In the summer of 1913, under the cover of London’s perpetual smoggy dusk, two brilliant minds are pitted against each other—a celebrated gentleman thief and a talented Scotland Yard detective—in the greatest jewel heist of the new century.
An exquisite strand of pale pink pearls, worth more than the Hope Diamond, has been bought by a Hatton Garden broker. Word of the “Mona Lisa of Pearls” spreads around the world, captivating jewelers as well as thieves. In transit to London from Paris, the necklace vanishes without a trace.
Joseph Grizzard, “the King of Fences,” is the charming leader of a vast gang of thieves in London’s End End. Grizzard grew up on the streets of Whitechapel during the terror of Jack the Ripper to rise to the top of the criminal world. Wealthy, married, a father, Grizzard still cannot resist the sport of crime, and the pearl necklace proves an irresistible challenge.
Inspector Alfred Ward patrols the city’s dark, befogged streets before joining the brand new division of the Metropolitan Police known as “detectives.” Ward earns his stripes catching some of the great murderers of Victorian London and, at the height of his career, is asked to turn his forensic talents to finding the missing pearls and the thief who stole them.
In the spirit of The Great Train Robbery and the tales of Sherlock Holmes, this is the true story of a psychological cat and mouse game set against the backdrop of London’s golden Edwardian era. Thoroughly researched, compellingly colorful, The Great Pearl Heist is a gripping narrative account of this little-known, yet extraordinary crime. The chase is on.
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"Crosby has stepped into the breach, assembling her narrative from an impressive array of sources and then lavishly saucing it with period detail...delightful." - Salon.com
"It's a gem...Crosby's story is rich in the lore of London's famed underworld; this is a tale of fences, putter-ups and receivers...she takes us deep into the worlds of criminals and the lawmen who pursued them." - Newsday
"Crosby's thriller-style account is backed up by her intensive research of Metropolitan Police records in the National Archives in London, along with contemporary accounts. Crosby...has crafted another compelling popular history." - Booklist (starred review)
"Crosby turns back the clock to a winning true crime tale involving two superior minds...the author highlights the case's major influence on British crime detection and the legal system, adding a dash of color and realism to a largely forgotten chapter of Edwardian London. Justice is served with the usual Brit low-key smarts and cheeky moves." - Publishers Weekly
"A science writer...Crosby brings a clinical eye to her subject, creating a narrative that manages to remain both exciting and informative. While there is plenty of nefarious action in this book, there is also careful detail." The Memphis Commercial Appeal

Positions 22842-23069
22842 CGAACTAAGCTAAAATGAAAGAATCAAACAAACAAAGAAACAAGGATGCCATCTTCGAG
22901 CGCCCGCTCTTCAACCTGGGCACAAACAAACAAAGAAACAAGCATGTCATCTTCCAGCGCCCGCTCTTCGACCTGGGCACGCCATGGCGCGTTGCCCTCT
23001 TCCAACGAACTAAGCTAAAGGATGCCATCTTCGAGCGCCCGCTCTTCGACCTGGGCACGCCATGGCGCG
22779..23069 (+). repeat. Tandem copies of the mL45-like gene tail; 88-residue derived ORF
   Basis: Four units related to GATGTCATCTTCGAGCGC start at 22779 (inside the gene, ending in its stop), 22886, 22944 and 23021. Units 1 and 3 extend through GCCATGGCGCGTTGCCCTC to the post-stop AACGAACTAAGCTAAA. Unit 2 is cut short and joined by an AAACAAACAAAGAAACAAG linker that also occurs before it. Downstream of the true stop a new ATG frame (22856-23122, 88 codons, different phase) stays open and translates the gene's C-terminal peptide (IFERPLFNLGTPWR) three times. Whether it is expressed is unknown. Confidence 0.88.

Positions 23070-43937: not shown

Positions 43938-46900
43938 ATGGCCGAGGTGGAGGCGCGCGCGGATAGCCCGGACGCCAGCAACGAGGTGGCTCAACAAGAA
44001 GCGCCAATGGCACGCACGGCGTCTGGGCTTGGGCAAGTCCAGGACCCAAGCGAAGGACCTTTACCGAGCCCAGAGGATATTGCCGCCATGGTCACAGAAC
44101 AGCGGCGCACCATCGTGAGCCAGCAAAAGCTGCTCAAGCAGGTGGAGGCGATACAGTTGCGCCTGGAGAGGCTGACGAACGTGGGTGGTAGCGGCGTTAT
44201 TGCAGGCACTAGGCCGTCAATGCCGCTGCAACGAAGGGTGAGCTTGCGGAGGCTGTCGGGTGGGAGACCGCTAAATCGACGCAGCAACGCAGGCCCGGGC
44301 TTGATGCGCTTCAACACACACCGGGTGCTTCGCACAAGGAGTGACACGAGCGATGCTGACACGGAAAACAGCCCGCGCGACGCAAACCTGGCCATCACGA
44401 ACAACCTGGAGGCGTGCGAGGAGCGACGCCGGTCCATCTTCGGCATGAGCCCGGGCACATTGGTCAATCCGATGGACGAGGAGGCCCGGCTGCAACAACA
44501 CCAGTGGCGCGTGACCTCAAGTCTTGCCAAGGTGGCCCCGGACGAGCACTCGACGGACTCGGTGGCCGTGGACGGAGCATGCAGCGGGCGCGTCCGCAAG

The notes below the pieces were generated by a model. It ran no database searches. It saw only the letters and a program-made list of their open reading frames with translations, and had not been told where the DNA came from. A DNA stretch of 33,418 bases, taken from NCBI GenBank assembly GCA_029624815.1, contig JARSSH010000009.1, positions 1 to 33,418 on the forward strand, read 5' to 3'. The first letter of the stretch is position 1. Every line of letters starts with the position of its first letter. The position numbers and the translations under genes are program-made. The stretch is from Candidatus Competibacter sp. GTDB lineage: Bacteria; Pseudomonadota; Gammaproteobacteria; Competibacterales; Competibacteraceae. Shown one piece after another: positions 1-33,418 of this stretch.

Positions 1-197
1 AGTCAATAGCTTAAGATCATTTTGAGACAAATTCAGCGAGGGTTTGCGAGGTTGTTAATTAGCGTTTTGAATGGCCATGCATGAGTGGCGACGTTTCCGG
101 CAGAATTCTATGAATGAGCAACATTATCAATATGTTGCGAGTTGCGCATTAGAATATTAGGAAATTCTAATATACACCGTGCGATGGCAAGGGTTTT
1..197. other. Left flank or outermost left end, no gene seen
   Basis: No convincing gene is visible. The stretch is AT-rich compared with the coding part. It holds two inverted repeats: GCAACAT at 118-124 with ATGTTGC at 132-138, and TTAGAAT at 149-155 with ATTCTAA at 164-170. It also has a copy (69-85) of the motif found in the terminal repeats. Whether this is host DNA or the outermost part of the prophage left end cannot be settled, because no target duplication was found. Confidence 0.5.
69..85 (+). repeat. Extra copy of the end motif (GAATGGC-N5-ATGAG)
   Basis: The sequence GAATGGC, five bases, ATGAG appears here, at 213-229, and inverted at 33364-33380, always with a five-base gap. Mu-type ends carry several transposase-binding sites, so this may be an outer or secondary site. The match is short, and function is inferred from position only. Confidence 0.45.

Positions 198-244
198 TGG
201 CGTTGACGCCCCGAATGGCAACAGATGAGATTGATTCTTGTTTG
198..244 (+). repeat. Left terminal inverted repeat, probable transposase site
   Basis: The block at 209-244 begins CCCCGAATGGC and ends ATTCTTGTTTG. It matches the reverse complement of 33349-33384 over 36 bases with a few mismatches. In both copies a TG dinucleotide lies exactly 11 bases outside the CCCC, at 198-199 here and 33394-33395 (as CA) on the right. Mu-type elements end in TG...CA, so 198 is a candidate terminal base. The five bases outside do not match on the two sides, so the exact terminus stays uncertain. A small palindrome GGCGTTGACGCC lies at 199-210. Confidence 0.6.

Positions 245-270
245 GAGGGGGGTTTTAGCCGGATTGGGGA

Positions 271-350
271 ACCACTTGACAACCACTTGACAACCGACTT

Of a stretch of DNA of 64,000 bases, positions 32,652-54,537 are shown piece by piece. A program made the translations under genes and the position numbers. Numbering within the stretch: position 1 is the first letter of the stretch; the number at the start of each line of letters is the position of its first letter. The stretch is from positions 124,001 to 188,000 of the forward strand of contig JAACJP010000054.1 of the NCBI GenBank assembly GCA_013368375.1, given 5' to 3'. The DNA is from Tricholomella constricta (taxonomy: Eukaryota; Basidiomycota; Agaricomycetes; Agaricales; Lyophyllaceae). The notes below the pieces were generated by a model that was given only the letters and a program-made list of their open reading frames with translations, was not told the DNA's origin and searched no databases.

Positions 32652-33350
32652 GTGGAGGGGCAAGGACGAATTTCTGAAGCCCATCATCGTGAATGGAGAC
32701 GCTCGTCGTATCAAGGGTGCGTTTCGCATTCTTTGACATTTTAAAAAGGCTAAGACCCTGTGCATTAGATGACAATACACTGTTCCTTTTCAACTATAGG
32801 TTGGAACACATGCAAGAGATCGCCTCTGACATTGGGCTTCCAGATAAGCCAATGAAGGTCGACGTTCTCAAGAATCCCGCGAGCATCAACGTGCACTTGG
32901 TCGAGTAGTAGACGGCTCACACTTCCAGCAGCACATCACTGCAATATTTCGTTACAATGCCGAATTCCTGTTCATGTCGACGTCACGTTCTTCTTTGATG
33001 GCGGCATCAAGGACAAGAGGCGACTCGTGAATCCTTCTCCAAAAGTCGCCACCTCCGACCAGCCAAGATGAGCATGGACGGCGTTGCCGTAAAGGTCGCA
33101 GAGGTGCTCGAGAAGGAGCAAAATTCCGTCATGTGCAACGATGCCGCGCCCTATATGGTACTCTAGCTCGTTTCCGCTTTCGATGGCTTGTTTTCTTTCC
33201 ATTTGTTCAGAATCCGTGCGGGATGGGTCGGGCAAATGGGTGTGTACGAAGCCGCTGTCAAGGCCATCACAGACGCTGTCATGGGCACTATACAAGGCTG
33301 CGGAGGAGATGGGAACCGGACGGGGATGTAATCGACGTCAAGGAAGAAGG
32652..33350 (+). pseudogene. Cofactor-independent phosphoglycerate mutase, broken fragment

"Molly Caldwell Crosby has a lovely talent for imagining history." Dallas Morning News
"Rich and evocative, The Great Pearl Heist not only tells the thrilling story of a seemingly impossible theft, it immerses readers in the pre-war world of 1913 London and the extraordinary life of one of history’s most skilled and clever thieves. Crosby has written a book that is as enchanting and irresistible as its subject."—Candice Millard, author of The River of Doubt and Destiny of the Republic
"Fast-paced, full of twists and turns, and rich in detail, The Great Pearl Heist takes us deep inside the criminal underworld of turn-of-the-century London jewel thieves and one of their greatest crimes of all. Crosby tells a fascinating story rooted in such deep historical research that we can practically watch the drama unfold in real time. Detectives use the latest crimefighting techniques--fingerprinting, forensics, sting operations, disguises--to restore law and order to one of the world's great cities that always seemed on the brink of chaos. And as the clouds of war gathered across the continent, the struggle between thieves and the legal system symbolized the larger strains of holding European society together at the beginning of the twentieth century." - Jeffrey Jackson, author of Paris Under Water
Learn more about the world of Edwardian London...Follow these links to Hatton Garden history, turn-of-the-century East End London, life in Spitalfields and Whitechapel during the reign of Jack the Ripper, and Scotland Yard detective history. Traveling to London? Visit the Sherlock Holmes museum, Old Spitalfields Market, and walk the streets of Holborn where the Charles Dickens Museum is housed in one of the author's homes.